My column in the Morley Observer

I’ve been over in Manchester for the Labour Party Conference this week. I’ve brought with me a huge pile of surveys local people have sent me over the last couple of weeks. Together with views on everything from mortgages, pensions and the internet have been some very worrying stories about the pressure people in our area are under. Ian from Gildersome wrote about how tough it is making ends meet, “I’ve not had a wage rise for 4 years.” A pensioner couple from Morley said, “We are both in our late 60s and we worry about the care of the elderly and the decline of the NHS really frightens us.”

So these were the people I was thinking about when I took to the stage on Monday.

In my speech I also raised the case of a local mum whose door I’d knocked on a few weeks back. Her teenage son recently finished college and after struggling to find work is now a zero hours contract. He gets up each morning to call into work at 7am to find out whether they need him and whether he will spend the day at work, earning money, or at home, waiting around until he does exactly the same thing again the following day. When I spoke to her she told me how it breaks her heart. “He deserves more than this” she said.

And unfortunately her story is and too familiar one. There are thousands in our area on these contracts. So I’m calling for an end to exploitative zero hours contracts. I also want to see more action to deal with the cost of living crisis which has meant prices rising and people’s incomes not keeping up. So I want to see a lower starting rate of income tax and an increase in the minimum wage to £8 an hour to make work pay, freezing energy bills and more childcare support for working parents trying to juggle work and family life.

But it means tough decisions too. We have to balance the books and we are committed to doing it in a fairer way, making different choices and asking those who have most to shoulder more of the burden. To get the deficit down, we would reverse the recent tax cut for the richest 1% – those on the very highest incomes.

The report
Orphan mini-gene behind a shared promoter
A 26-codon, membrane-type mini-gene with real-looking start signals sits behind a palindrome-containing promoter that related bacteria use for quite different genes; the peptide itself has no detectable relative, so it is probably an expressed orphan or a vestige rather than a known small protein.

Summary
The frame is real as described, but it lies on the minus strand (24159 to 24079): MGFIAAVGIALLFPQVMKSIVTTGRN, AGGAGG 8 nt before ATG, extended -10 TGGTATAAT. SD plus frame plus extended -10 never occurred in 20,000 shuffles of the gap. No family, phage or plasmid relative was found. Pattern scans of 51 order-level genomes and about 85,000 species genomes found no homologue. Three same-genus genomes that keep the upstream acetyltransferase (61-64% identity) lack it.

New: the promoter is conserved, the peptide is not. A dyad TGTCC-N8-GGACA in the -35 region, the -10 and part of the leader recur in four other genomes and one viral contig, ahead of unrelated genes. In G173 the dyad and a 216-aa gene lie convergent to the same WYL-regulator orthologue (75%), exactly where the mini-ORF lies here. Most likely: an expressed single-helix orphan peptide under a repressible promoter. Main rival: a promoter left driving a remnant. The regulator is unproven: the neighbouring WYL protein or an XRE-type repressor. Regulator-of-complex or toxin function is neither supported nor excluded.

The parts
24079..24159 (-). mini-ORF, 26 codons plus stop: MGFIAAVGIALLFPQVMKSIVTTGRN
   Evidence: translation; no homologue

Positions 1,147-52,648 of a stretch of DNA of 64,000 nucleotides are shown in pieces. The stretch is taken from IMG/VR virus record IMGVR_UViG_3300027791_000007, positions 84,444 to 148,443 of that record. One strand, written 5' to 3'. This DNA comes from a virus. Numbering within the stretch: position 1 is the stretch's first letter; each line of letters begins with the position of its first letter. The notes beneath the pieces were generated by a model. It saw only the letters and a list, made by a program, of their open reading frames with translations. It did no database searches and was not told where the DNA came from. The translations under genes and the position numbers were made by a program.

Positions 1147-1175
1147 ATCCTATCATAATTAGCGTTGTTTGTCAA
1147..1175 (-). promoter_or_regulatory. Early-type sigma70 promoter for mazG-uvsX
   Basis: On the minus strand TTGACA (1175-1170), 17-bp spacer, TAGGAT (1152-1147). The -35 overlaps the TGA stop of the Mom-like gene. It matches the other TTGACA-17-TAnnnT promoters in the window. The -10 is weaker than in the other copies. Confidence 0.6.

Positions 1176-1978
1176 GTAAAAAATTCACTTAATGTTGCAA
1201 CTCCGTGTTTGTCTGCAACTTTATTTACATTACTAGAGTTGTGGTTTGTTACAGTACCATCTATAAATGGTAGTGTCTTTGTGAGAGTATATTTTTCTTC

But with the deficit still high, there will have to be other changes too. I want to see child benefit rising again but we also won’t spend money we cannot afford. So I also announced in Manchester that child benefit would only rise by 1% for the first 2 years of the next parliament to help reduce the deficit.

These are difficult decisions but ones we have to take to make sure the sums add up. We can balance the books in a fairer way.

You can read my speech in full here


And of course we are better together! The other major event of the last week has been the historic referendum in Scotland. Like other people in our area, I didn’t have a vote but desperately wanted Scotland to stay. So on Friday morning I was delighted that the people of Scotland voted to remain part of the United Kingdom.

The vote last week shows the need to change and reform and strengthen our union in a fair way. But decisions about constitutional change cannot and shouldn’t be rushed through. The people of Scotland have been discussing the issues around independence and last week’s referendum for over two years. The process should start from the people – not politicians.

And I’ve long called for more powers to be transferred to regional cities in England so that we get a regional economic plan that works for all parts of the United Kingdom. Nowhere is that more true that here in Yorkshire. I want to see a bold devolution to city and county regions to give regional economies like ours the chance to really grow and prosper.

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Posted September 24th, 2014 by Ed's team